Near field communication or NFC has been on the tip of everyone’s tongue for recently, thanks in large part to Apple Pay. But for IT professionals in the know, NFC is a well-documented technology that can be used for more than just point of sale. In fact, NFC hacks are a popular hobby for some technology enthusiasts. Below, we present some interesting and useful applications of NFC that we guarantee have nothing to do with point of sale.
Please note however, that some the suggested uses for NFC below pertain primarily to Android smartphones. Unfortunately, NFC on the iPhone 6 is only used by Apple Pay™ as Apple does not allow third party app developers access to the NFC hardware.
One of the most useful features of NFC is the ability to transfer data a la Wi-Fi™—though with a much more limited range. To transfer files with NFC, both devices will need to have an app that can utilize the NFC hardware on the phones. One such app is SuperBeam which is free and relatively easy to use.
One caveat is that if the person you want to transfer files to is not knowledgeable about NFC file transfers, you may have to take a few minutes to explain to them how to download and use the app. But once you have explained everything and the app has been installed, file transfers can be initiated in a matter of seconds.
Turning On Your Workstation
As a tech-savvy Reddit user discovered, it is possible to use a smartphone equipped with NFC to remotely turn on a computer using NFC tags, several apps and the Wake-on-LAN functionality of a computer. So as you come into the office in the morning, you can turn on your workstation just by putting your smartphone next to your NFC tag. For detailed instructions on how to do this, see the Reddit thread.
Sharing Wi-Fi Access
NFC can also be used to share Wi-Fi logon credentials with guests and users, which can come in handy if your wireless network uses a strong password or key. In addition, it offers more security than have the password or key on physical media. With Android Lollipop or a third party app such as NFC TagWriter, you can embed an NFC tag with the Wi-Fi network’s logon information and provide the tags to guests to scan.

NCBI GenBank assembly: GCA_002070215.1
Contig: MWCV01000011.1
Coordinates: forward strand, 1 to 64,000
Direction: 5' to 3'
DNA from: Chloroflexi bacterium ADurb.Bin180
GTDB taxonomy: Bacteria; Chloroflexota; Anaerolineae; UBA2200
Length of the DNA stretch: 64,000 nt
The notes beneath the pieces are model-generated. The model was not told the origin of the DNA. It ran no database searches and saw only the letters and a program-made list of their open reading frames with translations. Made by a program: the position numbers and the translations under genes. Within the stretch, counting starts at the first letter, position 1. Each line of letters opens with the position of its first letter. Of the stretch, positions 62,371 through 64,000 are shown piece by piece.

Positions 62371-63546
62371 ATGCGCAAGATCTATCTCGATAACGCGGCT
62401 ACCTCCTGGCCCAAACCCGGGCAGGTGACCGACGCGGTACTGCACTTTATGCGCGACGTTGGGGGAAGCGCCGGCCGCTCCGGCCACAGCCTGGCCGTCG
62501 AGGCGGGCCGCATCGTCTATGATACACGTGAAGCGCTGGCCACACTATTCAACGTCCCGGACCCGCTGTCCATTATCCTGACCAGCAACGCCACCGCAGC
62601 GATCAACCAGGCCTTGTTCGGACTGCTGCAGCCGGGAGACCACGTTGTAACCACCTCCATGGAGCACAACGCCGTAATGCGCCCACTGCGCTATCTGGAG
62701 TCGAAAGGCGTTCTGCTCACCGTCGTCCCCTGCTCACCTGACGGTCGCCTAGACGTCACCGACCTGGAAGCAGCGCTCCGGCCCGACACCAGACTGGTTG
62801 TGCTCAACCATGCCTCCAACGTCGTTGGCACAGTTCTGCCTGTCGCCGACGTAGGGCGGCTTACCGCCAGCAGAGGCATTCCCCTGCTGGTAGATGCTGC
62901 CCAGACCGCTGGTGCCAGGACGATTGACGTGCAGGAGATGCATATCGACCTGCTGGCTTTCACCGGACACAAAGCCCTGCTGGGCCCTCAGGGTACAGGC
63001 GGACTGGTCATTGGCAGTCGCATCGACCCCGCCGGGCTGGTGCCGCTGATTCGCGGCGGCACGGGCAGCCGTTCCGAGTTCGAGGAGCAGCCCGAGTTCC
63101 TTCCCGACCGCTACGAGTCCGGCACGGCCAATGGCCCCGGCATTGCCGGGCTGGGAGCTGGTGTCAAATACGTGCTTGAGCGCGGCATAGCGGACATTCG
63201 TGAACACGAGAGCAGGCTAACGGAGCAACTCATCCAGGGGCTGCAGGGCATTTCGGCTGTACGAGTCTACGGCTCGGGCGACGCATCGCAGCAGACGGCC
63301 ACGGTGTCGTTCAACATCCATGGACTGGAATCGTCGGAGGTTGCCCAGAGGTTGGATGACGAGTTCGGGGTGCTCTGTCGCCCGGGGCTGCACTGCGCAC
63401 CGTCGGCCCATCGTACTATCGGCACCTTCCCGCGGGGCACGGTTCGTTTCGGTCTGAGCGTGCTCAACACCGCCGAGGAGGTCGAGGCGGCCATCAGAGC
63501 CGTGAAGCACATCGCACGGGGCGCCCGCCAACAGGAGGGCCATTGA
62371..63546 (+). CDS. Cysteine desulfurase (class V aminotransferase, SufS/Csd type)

With NFC, you can create a digital business card that you can share with anyone using an NFC-equipped smartphone. For instance, you can use an NFC-equipped business card to store your digital portfolio, contact information, and other data that you want to share with clients and colleagues. Alternatively, you can ditch the physical aspect of a business card and essentially use your smartphone or NFC tags to share your digital portfolio.
Another use for NFC is to incorporate it into advertising, similar to how QR codes are currently used. In the image at the top for instance, NFC is being used to provide a link to a Web site and more contact information. Your NFC-equipped advertisements need not be stationary either, as you can integrate NFC tags into your marketing campaigns.
Though NFC has been around for several years, it is still not widely used outside of point of sale. But as more phones are equipped with NFC, we may see even more uses for NFC than the ones mentioned above. If you have an idea on how NFC can be used, please share in the comments.